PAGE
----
Thursday, December 8, 2011

Brrrr.....and the percentages

When we’re told how to overcome barriers, it brings to mind the picture of a hurdler jumping over one obstacle, then another, and so on.  As the hurdler jumps each obstacle, he moves forward.  Wouldn’t this be nice if this were actually the case?  Unfortunately, it isn’t.  At times, we are presented with multiple challenges stacked on top of each other.  Think of those hurdles balanced on top of each other, or placed back to back, making the task of moving forward that much more difficult.

I feel like some hurdles have been stacked up against me lately, so slow progress seems to be even slower.  But I’m still trying to push forward.  First, money has been tight with the holidays, a rental property I own seemingly self-destructing before my eyes (and wallet), and the usual costs of living.  Second, work has been busier than ever; both at my primary job and the numerous others I have on a “part time” basis.  Third, after the half I experienced the usual runner’s slow down.  Fourth, the cold weather has been difficult for me to deal with during my training.  I’m sure there is a fifth, sixth, and seventh, but you get the idea.

Despite this, I’ve tried to keep moving ahead.  Some things show signs of lessening; others not so much.  I think I’ll eventually get acclimated to this cold weather and how to dress for the different temps.  So far I’ve been layering and trying some different hats and gloves.  I’m open to suggestions, though.  Here in the Midwest, it can go from 55 to 25 within a day, so the morning forecast is very important.  I do have the treadmill, but I try to avoid it as much as possible.  I’d like to stick to the streets unless precipitation pushes me toward the hamster wheel.

Ah; the hamster wheel.  Complete with paneling view.

Perhaps the biggest challenge is just to keep moving forward.  I recently read about Ben Davis in Runner’s World.  I’d seen Ben’s video before, but it had been some time.  In the RW article it was discussed how many people who lose a substantial amount of weight gain it back.  I’ve seen different figures, but usually from 80-90%.  Regardless, it is high!  I want to remain in the percentile that do not.  That is my biggest, highest, longest, life consuming hurdle to jump.  After all, count me in the numbers who wish to “Do Life.”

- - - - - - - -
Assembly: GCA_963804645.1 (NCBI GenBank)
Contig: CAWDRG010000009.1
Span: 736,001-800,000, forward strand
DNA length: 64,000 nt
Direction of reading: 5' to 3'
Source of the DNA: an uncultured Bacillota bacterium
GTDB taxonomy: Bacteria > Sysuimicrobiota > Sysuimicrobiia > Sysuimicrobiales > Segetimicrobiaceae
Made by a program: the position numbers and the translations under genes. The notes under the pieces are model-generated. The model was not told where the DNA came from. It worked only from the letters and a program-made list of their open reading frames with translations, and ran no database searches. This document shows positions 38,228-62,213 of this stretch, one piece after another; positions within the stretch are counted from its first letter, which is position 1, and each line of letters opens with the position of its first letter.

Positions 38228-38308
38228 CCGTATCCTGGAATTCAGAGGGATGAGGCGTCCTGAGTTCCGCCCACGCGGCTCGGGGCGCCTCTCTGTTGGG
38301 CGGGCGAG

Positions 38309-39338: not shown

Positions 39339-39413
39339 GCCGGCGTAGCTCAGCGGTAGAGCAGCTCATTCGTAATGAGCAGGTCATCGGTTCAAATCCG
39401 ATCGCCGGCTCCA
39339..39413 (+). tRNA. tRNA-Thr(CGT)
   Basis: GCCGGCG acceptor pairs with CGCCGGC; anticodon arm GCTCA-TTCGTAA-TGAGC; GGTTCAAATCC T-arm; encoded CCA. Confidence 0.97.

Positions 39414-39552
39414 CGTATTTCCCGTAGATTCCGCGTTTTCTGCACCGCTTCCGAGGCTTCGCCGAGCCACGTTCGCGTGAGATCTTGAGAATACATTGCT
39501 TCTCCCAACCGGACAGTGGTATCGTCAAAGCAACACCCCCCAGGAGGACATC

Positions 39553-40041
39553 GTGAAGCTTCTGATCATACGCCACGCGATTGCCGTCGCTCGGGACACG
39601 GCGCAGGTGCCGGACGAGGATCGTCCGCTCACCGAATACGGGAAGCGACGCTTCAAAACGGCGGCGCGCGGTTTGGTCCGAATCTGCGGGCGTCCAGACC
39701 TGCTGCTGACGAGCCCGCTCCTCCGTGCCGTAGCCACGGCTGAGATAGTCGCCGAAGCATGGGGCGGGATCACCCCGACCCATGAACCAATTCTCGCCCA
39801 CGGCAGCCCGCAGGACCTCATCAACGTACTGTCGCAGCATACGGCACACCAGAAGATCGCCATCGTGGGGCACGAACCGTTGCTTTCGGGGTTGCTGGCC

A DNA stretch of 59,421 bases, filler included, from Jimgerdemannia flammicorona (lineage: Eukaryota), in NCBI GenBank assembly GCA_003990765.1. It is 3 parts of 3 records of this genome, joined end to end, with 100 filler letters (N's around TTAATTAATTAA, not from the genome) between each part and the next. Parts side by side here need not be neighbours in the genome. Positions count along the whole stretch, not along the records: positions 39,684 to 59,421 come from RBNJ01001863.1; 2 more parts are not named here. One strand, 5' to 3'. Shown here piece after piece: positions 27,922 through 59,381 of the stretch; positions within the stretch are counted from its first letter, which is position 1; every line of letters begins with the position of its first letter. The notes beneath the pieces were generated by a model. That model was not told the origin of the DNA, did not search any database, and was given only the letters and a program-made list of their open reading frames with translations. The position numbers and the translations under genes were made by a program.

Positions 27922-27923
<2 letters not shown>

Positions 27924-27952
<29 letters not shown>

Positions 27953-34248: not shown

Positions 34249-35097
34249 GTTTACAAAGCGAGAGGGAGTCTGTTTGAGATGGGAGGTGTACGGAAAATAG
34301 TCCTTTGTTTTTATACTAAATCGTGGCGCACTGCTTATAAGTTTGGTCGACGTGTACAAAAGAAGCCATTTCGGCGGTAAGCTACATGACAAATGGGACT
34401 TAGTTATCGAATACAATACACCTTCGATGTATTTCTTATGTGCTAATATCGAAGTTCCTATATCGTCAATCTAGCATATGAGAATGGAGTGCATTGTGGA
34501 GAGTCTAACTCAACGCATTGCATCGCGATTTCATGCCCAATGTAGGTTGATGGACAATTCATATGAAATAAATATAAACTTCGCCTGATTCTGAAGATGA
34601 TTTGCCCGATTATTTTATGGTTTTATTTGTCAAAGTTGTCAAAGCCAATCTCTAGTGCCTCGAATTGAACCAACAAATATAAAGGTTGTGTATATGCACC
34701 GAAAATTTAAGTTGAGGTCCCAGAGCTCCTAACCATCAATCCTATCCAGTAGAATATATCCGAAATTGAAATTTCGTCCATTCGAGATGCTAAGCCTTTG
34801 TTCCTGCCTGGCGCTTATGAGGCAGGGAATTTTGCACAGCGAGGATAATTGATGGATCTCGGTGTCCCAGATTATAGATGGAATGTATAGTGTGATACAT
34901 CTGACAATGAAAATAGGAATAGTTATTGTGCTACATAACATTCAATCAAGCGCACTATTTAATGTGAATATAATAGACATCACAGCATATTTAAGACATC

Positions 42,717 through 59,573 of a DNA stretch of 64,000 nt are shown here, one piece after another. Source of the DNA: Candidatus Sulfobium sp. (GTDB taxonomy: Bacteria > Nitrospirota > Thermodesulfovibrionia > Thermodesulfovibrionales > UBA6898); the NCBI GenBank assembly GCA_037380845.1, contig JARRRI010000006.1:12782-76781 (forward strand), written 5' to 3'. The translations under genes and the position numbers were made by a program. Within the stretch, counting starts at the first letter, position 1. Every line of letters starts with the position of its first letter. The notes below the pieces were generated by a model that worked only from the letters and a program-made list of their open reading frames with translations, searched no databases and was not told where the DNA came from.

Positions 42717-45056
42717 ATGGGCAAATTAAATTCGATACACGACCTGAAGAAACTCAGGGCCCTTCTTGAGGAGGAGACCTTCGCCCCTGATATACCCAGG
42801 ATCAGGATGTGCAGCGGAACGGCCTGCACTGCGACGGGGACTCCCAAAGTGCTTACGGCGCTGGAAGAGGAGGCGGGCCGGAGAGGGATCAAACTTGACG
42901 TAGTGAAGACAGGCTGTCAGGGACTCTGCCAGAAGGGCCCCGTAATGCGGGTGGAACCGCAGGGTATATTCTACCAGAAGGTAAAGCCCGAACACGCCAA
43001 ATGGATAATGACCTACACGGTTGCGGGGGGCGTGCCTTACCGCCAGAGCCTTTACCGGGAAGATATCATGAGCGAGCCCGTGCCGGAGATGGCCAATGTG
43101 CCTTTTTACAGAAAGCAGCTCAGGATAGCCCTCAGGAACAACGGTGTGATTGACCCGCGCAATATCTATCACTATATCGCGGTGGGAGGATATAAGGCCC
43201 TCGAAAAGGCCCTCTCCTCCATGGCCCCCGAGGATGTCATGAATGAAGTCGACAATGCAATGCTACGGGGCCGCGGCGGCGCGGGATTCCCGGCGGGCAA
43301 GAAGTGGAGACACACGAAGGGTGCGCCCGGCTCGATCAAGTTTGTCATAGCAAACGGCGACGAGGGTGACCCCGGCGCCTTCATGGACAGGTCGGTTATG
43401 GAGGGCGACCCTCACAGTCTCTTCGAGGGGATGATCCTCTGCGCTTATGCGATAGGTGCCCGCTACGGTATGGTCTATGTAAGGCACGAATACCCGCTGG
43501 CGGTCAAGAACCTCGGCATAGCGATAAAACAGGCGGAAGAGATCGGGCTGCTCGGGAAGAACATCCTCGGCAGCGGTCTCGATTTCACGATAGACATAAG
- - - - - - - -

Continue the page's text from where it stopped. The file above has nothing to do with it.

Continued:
My "Do Life" long sleeve t-shirt...recently acquired

So where am I at?  After packing back on 23 lbs of the original 70 that I lost (thanks to very little exercise and a lot of eating post-half marathon, on a road trip, and over Thanksgiving), I’ve taken off about 4 lbs and I’m on Week 2 of good nutrition again.  I’m trying to keep up some mileage. My training for my next half marathon (in April) starts the day after Christmas.  2012 is going to be a big year.  I have a lot of challenges for myself ahead.  I just need to keep running; and jumping!

Enjoy your progress!


Monday, November 21, 2011

The Blogger Game

Alright, so Mike W. from has passed along a "get to know you" game, where I offer seven random tidbits about myself and then proceed to tag 15 other bloggers.  One minor problem:  I don't have 15 bloggers that I follow that are distinct from Mike W!  In order to play along, though, I looked at my list and found four to tag.  Well, here goes!

1.    I love Las Vegas.  I’ve been there about a dozen times.  It is one of the only cities, outside of my hometown, where I know some of the streets and highways.  It is one of the only places where I can truly unwind and relax, although I usually come back from a Vegas vacation exhausted.  I listed to three Vegas podcasts regularly.  I can pretty much tell you anything you want to know about the place.  I plan on running the Rock and Roll half marathon in Vegas next year, nicely combining a couple of my interests.